McDonald’s Employees Rally Around Juneteenth

June 22, 2021

In 2016, Opal Lee started walking.

The then-89-year old Texas resident set out to raise awareness around Juneteenth, the oldest-known celebration honoring the end of slavery in the United States on June 19, 1865. Ms. Opal started marching from Fort Worth, Texas to Washington, D.C. to petition for Juneteenth to become a national holiday. With some help from friends and supporters along the way, the journey came to a conclusion after five months -- but her voice had been heard.

Every year since, Ms. Opal has walked two and a half miles on Juneteenth to symbolize the two and a half years it took for the Emancipation Proclamation to reach Texas. Now 94 years old, Opal has no plans of stopping her movement, either figuratively or literally.

Last week, the McDonald’s African-American Council of Dallas hosted a webcast honoring the history of Juneteenth. The virtual program, which was attended by employees all across the system, celebrated this day of reflection and unity with music, poetry, and a guest speaker appearance by the grandmother of Juneteenth herself, Ms. Opal Lee. She spoke about the importance of celebrating that day, and why she has continued to campaign for it to become a national holiday.

The webcast was hosted on the Monday before Juneteenth. By Friday, Juneteenth was declared a federal holiday by the President of the United States.

When several Dallas-area Field employees registered to attend Ms. Opal’s Juneteenth walk, they had no idea that this year’s event would be so monumental. On the morning of June 19, alongside hundreds of supporters, and of course Opal Lee herself, the group marched two and a half miles through the streets of Fort Worth, Texas.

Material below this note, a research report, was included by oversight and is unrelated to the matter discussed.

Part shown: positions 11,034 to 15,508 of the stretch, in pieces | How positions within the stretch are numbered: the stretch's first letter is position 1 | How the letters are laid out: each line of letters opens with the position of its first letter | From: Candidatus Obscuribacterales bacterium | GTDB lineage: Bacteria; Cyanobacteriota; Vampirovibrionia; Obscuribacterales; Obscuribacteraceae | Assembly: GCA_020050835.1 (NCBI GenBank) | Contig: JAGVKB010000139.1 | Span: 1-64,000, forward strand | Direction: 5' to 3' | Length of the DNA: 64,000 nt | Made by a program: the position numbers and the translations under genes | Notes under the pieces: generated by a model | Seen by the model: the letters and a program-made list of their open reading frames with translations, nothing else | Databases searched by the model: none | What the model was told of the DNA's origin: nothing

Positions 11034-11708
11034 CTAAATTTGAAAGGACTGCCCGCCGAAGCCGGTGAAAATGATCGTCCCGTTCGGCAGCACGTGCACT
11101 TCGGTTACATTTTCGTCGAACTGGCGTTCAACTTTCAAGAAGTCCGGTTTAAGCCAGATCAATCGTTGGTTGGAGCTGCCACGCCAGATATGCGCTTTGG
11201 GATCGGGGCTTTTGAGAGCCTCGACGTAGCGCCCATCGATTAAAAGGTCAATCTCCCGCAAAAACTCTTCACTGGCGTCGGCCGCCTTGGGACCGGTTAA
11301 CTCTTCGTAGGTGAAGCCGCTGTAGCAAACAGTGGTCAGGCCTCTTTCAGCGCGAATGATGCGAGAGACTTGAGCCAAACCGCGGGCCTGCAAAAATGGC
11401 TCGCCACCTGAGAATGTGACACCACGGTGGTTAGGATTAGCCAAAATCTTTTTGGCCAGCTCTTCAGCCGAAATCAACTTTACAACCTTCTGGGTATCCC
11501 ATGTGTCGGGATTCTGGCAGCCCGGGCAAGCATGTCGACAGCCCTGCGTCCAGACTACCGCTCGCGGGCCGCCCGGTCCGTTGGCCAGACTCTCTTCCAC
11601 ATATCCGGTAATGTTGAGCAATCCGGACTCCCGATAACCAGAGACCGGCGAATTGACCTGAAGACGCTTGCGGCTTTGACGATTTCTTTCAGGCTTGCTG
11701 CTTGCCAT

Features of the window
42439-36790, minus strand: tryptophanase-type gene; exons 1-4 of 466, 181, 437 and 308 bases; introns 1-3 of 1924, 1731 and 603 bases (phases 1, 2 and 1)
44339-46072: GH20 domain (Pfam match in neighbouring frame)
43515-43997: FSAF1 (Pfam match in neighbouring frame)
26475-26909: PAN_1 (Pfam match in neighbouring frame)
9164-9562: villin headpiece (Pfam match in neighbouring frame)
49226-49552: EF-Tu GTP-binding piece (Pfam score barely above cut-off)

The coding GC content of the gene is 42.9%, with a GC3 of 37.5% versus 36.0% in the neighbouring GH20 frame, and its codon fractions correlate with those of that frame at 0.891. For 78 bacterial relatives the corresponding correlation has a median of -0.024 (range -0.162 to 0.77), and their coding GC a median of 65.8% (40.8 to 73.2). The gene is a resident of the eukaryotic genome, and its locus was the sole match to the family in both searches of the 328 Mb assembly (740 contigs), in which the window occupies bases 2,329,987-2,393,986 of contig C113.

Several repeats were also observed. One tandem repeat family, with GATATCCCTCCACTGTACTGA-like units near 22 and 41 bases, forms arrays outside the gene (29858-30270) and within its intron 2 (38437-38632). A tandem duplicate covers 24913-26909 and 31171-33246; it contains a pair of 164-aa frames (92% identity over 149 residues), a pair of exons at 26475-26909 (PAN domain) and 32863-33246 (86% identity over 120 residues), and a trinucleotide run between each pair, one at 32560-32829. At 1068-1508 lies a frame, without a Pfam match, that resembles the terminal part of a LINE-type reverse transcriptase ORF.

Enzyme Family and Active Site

Jay Stegall, a McDonald’s Franchise Business Partner in the Dallas Field Office, understood what it meant for McDonald’s employees to be a part of this movement.

“It’s about understanding our employees and customers at a deeper level. Understanding how they feel makes us a stronger presence in the communities we serve, Jay said.

“It was an absolute honor and privilege to walk with my Family and my McFamily. Equally important, it was indeed a life-changing experience to walk with the infamous Ms. Opal Lee. The timing of it all was impeccable. From the nationwide webcast last week to the signing of the bill supporting Juneteenth, the icing on the cake was the two-and-a-half-mile walk with Opal Lee.”

At McDonald’s, we see the world through our core values. Fostering and feeding our communities is more than just words, it’s about the actions that support them. We’re proud to see our people standing for what they’re passionate about, and we’re celebrating alongside them on this historic day.

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